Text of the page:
Kicking the habit completely off campus
DANVILLE — Oftentimes, Danville Area Community College student Dustin Tabor has an urge to light up a cigarette before a difficult class or exam.
"It calms my nerves," the first-year criminal justice student said of his smoking habit, as he took a final drag then threw his butt on the ground on his way into the DACC administration building.
Starting on Wednesday, Tabor and others won't be able to smoke or use any other type of tobacco product on campus. That's because DACC is joining the 774 colleges and universities across the United States known to have gone smoke- or tobacco-free.
Under DACC's tobacco-free policy, approved in April 2011, "no consumption of tobacco or tobacco products will be allowed on any college property or in any college facility."
Tobacco is defined as "any lighted or unlighted cigarette, cigar, pipe, bidi, clove cigarette and any other smoking product or products that appear to be a cigarette. This also includes smokeless or spit tobacco also known as dip, chew, snuff or snus, in any form."
After much study, officials decided to make the campus tobacco-free out of respect for others and the environment, and to be consistent with the college's mission.
"We take very seriously our role as an educational leader in the community," President Alice Jacobs said, adding that means not only educating the public on health and safety issues but also setting an example in those areas.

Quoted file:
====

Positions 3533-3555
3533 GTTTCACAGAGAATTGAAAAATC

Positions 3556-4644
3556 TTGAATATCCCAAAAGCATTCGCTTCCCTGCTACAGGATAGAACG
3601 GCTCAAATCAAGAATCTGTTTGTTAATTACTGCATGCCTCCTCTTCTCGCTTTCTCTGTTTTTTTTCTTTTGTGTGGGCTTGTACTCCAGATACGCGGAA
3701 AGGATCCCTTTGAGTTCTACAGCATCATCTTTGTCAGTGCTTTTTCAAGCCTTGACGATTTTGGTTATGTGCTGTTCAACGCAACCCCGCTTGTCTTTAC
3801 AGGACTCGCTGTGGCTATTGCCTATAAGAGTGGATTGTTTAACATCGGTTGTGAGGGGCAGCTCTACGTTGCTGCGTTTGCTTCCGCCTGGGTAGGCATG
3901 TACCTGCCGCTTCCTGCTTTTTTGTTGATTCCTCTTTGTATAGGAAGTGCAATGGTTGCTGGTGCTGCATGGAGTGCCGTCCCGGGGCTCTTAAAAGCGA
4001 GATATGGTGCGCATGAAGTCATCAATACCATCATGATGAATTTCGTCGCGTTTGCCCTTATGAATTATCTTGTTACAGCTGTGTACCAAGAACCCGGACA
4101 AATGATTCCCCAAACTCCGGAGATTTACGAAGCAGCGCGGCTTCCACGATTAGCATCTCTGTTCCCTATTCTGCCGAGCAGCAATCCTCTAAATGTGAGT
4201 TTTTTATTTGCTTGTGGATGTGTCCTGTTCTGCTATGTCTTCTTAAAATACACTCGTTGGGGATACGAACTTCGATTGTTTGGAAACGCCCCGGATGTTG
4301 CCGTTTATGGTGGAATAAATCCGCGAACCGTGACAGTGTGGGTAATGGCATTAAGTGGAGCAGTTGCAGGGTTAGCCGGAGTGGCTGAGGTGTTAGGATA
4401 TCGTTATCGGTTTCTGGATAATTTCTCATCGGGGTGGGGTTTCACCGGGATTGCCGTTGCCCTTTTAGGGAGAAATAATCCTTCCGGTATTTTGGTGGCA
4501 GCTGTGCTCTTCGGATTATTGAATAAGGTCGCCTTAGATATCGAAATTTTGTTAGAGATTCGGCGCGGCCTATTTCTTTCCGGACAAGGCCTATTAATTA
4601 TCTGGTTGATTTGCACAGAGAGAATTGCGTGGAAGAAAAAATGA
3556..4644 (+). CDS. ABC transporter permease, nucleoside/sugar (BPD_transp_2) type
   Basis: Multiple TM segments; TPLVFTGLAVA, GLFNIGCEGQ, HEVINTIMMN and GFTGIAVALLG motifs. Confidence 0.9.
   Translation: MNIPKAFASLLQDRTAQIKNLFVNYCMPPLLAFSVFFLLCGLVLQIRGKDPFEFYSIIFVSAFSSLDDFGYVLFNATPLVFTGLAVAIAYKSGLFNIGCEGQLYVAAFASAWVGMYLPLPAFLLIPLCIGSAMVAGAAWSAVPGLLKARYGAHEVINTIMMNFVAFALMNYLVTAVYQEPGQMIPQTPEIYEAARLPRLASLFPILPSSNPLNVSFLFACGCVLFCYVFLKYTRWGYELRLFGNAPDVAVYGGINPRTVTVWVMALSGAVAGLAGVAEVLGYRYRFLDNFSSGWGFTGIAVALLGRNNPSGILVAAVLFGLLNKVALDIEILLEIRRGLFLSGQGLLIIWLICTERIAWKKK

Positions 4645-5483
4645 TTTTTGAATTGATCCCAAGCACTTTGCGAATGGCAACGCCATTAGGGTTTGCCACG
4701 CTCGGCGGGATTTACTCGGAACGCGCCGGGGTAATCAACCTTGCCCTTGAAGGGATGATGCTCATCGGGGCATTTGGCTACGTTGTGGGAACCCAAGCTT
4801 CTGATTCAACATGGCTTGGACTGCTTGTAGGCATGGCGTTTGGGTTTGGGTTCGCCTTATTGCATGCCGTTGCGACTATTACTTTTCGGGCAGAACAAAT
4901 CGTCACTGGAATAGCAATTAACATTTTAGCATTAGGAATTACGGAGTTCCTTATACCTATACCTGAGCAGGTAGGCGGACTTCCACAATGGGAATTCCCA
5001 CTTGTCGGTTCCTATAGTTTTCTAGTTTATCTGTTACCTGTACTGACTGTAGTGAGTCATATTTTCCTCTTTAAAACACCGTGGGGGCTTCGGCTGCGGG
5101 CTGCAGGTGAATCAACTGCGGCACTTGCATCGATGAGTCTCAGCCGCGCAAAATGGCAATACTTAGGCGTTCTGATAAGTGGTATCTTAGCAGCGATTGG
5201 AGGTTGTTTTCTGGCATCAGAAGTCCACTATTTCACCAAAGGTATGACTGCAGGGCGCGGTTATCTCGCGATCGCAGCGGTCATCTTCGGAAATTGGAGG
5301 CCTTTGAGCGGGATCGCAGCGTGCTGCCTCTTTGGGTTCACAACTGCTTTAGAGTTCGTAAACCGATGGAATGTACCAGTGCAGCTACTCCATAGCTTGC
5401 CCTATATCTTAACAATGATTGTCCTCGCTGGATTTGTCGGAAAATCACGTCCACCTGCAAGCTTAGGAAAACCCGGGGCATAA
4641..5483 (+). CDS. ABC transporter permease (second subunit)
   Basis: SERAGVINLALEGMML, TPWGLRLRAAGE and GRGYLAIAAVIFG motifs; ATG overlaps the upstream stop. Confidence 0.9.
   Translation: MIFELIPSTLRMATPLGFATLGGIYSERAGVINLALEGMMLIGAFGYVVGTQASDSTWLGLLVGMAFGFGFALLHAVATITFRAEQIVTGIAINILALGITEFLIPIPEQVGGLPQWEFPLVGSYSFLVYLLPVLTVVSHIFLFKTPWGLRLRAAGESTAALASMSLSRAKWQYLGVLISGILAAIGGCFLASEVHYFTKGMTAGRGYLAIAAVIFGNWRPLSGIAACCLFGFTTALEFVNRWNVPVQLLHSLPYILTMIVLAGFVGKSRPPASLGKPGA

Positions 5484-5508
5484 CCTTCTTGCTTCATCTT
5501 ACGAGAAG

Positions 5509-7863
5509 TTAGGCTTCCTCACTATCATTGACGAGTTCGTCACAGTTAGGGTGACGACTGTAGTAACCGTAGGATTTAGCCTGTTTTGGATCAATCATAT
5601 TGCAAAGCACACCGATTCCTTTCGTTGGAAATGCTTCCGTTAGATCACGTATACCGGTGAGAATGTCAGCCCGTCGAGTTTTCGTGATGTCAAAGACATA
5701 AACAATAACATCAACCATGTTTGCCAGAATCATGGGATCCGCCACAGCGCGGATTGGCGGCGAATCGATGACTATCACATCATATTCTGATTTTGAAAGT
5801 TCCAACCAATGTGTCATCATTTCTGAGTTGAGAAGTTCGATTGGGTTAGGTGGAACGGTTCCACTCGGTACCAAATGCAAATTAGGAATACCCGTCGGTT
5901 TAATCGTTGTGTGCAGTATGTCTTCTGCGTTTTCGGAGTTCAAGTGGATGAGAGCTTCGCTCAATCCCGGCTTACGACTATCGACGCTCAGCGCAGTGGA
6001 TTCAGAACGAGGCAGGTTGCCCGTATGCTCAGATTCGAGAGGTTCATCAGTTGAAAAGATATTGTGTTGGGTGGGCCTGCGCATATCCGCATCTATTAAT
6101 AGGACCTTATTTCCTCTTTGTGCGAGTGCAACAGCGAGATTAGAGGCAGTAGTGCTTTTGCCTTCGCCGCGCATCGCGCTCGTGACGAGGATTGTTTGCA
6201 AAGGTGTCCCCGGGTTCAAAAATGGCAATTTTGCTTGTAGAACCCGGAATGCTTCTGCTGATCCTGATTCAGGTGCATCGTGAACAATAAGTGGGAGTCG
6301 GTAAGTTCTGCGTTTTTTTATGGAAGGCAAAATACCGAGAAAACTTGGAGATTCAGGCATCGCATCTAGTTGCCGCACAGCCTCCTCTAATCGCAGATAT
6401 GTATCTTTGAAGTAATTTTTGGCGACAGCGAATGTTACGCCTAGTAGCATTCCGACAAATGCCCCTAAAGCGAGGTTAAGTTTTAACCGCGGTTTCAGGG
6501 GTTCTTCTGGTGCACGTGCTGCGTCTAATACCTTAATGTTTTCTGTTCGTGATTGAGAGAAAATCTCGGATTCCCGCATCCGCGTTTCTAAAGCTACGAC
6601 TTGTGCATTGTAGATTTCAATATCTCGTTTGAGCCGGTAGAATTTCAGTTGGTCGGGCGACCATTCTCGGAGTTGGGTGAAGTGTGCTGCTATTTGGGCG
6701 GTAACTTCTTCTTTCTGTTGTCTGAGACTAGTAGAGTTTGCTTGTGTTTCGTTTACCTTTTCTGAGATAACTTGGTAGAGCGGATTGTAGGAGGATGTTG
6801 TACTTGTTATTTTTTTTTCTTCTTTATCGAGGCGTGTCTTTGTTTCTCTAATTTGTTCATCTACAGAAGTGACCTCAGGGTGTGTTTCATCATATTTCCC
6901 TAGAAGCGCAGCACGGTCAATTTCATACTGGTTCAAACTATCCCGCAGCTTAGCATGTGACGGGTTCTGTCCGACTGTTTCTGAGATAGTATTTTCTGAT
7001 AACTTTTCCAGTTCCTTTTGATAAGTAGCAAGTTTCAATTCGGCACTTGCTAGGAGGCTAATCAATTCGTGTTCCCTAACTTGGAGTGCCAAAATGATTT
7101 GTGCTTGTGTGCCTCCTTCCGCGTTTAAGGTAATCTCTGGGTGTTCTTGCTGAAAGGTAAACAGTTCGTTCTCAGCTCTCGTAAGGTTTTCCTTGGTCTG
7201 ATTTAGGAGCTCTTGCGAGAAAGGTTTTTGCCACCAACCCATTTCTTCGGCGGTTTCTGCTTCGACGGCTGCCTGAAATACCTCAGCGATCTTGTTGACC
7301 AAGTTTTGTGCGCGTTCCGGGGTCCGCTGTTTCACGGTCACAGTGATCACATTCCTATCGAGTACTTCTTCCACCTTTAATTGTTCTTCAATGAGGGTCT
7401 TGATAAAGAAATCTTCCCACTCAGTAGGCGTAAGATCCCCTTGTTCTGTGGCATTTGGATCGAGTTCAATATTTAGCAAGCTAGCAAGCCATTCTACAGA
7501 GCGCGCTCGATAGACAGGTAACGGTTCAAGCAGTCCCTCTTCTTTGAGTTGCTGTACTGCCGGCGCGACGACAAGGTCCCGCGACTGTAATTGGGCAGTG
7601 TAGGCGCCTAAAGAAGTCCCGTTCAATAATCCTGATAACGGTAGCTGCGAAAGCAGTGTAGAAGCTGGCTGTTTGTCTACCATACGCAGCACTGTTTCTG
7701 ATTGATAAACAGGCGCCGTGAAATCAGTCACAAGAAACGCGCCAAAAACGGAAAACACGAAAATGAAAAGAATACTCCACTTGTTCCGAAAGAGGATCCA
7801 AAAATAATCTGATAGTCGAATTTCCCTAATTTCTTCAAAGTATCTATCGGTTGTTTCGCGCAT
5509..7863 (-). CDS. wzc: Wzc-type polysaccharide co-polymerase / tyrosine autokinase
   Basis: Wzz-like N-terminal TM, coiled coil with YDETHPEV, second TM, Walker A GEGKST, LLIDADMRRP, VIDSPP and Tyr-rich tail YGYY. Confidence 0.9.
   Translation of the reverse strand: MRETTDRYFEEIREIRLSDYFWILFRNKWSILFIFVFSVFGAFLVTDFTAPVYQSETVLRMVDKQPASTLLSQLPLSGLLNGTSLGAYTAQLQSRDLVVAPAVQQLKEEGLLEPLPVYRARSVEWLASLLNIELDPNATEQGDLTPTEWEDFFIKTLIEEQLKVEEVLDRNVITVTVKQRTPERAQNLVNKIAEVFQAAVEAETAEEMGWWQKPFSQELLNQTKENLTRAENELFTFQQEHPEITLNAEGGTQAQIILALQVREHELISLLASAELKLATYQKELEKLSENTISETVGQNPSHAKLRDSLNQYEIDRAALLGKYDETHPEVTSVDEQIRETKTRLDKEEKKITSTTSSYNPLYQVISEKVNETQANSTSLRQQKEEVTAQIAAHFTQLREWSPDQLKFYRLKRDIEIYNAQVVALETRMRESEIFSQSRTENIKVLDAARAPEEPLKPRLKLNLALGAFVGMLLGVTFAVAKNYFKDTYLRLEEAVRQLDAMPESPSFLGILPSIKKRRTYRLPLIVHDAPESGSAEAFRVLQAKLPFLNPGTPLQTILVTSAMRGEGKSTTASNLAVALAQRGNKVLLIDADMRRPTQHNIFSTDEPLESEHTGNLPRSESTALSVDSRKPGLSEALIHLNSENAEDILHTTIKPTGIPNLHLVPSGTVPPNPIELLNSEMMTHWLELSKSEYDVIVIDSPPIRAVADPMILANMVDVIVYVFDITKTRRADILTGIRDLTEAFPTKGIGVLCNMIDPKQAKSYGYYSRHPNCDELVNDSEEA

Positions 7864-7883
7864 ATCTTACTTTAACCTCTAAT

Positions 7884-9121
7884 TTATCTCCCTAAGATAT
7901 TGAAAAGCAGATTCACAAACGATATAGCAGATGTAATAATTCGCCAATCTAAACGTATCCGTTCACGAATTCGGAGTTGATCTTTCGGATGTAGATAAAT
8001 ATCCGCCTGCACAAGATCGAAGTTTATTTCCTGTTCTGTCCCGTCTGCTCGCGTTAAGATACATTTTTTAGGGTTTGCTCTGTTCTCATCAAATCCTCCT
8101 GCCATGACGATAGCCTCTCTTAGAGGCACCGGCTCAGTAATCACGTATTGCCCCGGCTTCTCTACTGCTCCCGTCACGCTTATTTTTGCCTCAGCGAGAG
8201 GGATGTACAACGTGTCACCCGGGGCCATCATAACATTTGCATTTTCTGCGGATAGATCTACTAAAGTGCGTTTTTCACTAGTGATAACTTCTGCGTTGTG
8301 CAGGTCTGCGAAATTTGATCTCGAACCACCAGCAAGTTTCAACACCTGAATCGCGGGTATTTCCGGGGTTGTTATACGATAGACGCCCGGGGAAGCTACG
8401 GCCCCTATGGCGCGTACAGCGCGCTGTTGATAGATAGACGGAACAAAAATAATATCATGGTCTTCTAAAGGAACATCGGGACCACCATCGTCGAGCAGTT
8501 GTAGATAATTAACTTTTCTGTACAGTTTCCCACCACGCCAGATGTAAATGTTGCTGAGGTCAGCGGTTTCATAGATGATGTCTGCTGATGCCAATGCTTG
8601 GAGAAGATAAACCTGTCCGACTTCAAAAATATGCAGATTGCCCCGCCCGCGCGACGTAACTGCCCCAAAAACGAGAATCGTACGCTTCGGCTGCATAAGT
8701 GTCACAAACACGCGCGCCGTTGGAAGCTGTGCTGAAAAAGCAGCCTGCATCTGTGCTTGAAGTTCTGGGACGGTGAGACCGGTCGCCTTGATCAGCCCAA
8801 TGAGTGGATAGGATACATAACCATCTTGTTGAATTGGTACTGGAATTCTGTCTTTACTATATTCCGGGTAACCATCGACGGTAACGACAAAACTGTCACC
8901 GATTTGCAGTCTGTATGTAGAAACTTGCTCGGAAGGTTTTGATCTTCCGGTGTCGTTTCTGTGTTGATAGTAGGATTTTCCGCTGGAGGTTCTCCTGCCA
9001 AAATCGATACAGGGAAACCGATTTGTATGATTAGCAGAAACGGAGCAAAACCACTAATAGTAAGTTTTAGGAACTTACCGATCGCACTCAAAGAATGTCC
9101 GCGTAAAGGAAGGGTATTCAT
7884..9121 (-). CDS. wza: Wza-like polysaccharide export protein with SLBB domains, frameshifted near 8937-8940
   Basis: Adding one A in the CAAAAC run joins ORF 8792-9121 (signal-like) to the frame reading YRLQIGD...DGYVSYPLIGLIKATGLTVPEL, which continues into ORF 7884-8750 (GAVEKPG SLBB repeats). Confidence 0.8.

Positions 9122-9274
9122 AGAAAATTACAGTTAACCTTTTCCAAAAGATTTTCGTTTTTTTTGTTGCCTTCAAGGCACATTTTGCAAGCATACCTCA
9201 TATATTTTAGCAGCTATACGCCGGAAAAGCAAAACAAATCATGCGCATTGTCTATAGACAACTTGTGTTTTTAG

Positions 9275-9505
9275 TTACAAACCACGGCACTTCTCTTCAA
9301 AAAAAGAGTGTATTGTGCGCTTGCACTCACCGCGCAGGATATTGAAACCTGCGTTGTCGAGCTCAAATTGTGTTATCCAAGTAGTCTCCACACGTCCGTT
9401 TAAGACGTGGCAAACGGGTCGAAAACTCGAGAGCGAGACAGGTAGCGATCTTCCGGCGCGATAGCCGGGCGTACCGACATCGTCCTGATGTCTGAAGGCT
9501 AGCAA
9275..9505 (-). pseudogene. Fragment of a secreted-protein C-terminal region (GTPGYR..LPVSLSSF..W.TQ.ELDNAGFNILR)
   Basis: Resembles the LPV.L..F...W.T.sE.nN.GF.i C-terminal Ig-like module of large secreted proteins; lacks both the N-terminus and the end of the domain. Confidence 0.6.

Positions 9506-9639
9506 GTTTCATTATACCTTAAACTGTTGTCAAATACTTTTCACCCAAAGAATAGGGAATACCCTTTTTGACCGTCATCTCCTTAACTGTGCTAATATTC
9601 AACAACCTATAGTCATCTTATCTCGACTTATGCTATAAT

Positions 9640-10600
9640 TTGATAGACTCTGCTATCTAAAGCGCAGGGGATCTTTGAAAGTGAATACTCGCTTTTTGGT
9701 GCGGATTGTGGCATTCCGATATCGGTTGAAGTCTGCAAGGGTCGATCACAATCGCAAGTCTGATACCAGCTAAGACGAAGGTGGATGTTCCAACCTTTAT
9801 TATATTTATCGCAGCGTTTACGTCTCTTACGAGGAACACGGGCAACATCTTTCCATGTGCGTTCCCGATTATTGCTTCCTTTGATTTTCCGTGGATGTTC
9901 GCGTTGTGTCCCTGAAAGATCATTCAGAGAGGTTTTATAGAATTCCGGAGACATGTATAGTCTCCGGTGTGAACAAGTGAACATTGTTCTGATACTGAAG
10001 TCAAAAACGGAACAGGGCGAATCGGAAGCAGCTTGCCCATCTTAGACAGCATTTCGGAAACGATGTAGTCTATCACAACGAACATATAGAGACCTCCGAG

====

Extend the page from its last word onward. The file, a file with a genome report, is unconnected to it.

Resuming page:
"Certainly, all of the scientific evidence points to the fact that there are so many health risks associated with second-hand smoke," Jacobs continued, citing reports from the U.S. Surgeon General, Centers for Disease and Prevention and World Health Organization stating that there isn't any safe level of secondhand smoke and the only effective way to protect others is to establish 100 percent smoke-free areas. "We can't ignore that data and we want to provide our students, staff and visitors with a safe and healthy environment."
Then there's the litter problem.
"We have such a beautiful campus, and a limited staff that can deal with the litter created by tobacco products," Jacobs said. "For a number of years when I took people on tours of the campus, I always had to apologize for all of the cigarette butts on the ground."
Higher education institutions throughout the U.S. began banning smoking and the use of tobacco products in buildings in the 1970s, said Ty Patterson, executive director of the National Center for Tobacco Policy. But they didn't begin going 100 percent smoke- or tobacco-free until nearly three decades later.
Today, at least 774 college and universities have enacted smoke- or tobacco-free policies, according to the American Nonsmokers' Rights Foundation. Of those, 562 have tobacco-free policies (no forms of tobacco are allowed), while 212 are only smoke-free (smokeless forms of tobacco are allowed).
The policies are in various phases of implementation.
"Those are the ones we're aware of," Bronson Frick, the foundation's associate director, said of the schools on the list. He said higher education institutions aren't required to report their smoking policies, and his organization doesn't actively solicit the information.